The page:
And what shall we say to those, who shall celebrate the next Centennial Anniversary in this church? No one of us will be seen in their assembly. Our names and works will be lost in the distance of the past. But records, minute and faithful, will declare facts. We send down to them a volume of the Discourses of the early ministers of this church, some of which had become the food of worms and were soon to be consigned to utter oblivion. Will they wish us to note the signs of the times? Shall we tell them that it is an age of enterprise and bold adventure? that advances in the arts are rapid? that canals are dug and railroads constructed? that our rivers and lakes are navigated, and the wide Atlantic is crossed, by the power of steam? that the last of the red men in these States, being rudely pushed, are slowly retiring into the Western forests; and that free colonies on the shores of Africa invite the return of her emancipated sons from this country? Shall we tell them that it is an age of Bible, Missionary, Education and Tract Societies,-of Asylums and Schools, of Lyceums and Periodical Papers? Shall we tell them that the Sabbath school, designed for the free instruction of all children in divine knowledge, is in extensive and successful operation? Shall we tell them that the Temperance Reform is far advanced? Shall we tell them that names, once known and honored in this town, Lusher and Aldis, Dwight and Wheelock, Belcher and Dexter, Ames and Sprague, Avery and Swan, are now extinct among us? Shall we tell them that while some errors in religion are popular, and a lamentable proportion of the people are greatly indifferent to the welfare of the soul, God in his mercy revives his work, sinners turn to Christ, and the churches are often enlarged? Shall we cordially salute them as the heirs to our goodly heritage, to our Sabbaths and sanctuaries, to our schools and libraries, to our free institutions and equitable laws, to our lands and houses, to our present sources of enjoyment and to our immortal prospects, -in the prayer and devout hope that we and they may prove to be true and worthy sons of the Plymouth and Massachusetts Bay Pilgrims?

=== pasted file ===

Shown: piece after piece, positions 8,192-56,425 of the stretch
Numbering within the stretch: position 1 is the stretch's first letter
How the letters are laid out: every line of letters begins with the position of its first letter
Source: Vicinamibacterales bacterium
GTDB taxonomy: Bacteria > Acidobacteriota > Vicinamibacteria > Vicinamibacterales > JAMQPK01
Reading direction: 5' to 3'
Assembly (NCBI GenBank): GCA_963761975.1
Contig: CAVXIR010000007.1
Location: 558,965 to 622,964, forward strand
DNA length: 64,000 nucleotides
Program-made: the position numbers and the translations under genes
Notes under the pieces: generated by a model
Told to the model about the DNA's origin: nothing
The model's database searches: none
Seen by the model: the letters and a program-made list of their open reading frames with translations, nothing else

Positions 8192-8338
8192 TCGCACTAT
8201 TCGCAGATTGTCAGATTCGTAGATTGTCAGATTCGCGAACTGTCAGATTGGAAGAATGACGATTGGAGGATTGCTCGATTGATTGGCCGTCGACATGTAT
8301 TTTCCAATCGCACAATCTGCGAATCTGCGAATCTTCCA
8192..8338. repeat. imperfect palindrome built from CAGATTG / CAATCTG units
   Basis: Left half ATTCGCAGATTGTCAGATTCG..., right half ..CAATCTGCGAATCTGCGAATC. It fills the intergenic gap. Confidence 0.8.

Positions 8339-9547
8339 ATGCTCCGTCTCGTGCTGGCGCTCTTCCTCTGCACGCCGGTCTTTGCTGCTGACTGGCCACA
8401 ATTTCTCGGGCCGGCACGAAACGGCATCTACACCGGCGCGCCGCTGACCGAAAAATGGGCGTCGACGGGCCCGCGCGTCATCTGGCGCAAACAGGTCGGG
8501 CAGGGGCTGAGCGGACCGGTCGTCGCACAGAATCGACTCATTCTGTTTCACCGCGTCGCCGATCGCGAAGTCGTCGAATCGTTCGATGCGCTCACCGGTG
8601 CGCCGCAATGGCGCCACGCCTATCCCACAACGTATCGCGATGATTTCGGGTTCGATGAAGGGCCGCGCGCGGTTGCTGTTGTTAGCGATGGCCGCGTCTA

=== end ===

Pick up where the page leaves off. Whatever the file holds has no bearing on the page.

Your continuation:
In conclusion, it may be remarked, that the enterprise which brought our fathers into this wilderness, only begins to be developed. The rapid settlement of this country seems like the work of enchantment. Cities are founded, where the red men lately pitched their tents. Villages flourish, where the deer nursed its fawn without disturbance, or the wolf howled in the silence of night. Our fathers had no special foreknowledge, and did not comprehend